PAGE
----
unification of the world. All human efforts, whether scientific or religious, whether action or contemplation, must finally lead to worship, adoration, and ultimately greater unity.

       If mysticism, especially the mysticism of love, is the very heart of religion, it must provide us with the deepest springs of energy for both action and interaction with others. It cannot be a mere spirit duality, but must stand for spirit-in-and-through-matter mentality. Spiritual development and religious experience are best seen as closely interrelated with and inseparable from our human experience in general.  F. C. Happold has remarked that for Teilhard, human activity in all its forms was capable of divinization. And therefore he described Teilhard's mysticism "as a mysticism of action, action springing from the inspiration of a universe seen as moved and com-penetrated by God in the totality of its evolution...this is a new type of mysticism, the result of a profound, lifelong reconciling meditation on religious and scientific truth, and it is thus of immense relevance and significance for a scientific age such as ours." (Mysticism. Pelican Books, London, 1978, p. 395.)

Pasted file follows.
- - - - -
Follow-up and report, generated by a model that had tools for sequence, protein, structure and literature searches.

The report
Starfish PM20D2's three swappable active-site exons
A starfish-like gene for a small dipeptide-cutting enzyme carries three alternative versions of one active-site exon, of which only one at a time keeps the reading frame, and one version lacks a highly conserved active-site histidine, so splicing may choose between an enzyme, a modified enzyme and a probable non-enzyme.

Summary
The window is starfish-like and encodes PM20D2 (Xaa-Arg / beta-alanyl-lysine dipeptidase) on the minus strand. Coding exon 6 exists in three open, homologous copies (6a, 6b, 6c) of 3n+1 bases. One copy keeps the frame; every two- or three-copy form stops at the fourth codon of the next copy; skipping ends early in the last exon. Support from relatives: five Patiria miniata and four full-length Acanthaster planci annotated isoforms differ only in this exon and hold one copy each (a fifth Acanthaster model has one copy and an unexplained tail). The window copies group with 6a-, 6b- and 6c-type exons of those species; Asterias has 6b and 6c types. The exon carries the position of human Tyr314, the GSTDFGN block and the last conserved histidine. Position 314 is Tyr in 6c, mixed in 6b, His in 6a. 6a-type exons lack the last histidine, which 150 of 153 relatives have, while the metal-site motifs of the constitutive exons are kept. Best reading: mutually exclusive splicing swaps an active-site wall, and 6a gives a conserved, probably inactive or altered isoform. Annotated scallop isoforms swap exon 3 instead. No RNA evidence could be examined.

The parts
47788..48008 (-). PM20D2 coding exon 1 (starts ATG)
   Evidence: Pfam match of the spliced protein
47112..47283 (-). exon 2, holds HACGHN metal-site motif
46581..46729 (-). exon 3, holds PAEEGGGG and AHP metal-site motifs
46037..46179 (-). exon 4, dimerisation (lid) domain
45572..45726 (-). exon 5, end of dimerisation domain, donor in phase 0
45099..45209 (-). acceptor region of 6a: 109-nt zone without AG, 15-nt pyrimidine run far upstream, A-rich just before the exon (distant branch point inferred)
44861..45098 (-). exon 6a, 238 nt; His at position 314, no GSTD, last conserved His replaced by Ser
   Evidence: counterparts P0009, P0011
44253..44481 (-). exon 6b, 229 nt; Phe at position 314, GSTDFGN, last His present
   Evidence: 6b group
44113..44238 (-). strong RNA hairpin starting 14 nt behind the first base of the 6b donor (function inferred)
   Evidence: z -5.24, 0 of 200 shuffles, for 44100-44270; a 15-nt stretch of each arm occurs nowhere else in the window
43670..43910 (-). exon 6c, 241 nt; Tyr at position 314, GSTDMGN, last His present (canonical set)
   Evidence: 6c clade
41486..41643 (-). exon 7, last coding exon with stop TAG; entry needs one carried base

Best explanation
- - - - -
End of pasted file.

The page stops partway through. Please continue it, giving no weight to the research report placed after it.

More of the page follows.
This is an indication of the importance of this global prophet. But this assessment leaves out the living fire which animated Teilhard's Christian mysticism, summed up by him as a heart of fire, as "a fire with the power to penetrate all things, which invites a surrender to an active feeling of communion with God through the universe."

Ursula King is professor in the Department of Theology and Religious Studies at the University of Bristol, England, where she directs the Centre for Comparative Studies in Religion and Gender. She has been a student of Teilhard¹s works for more than thirty years and was one of the founders of the British Teilhard Association in London.

Her book, Pierre Teilhard de Chardin, is an excellent primer for anyone unfamiliar with Teilhard¹s body of thought, or as an ongoing resource for those who are. Please see page 20 to order, and for information on The Spirit of Fire, Dr. King's biography of Teilhard.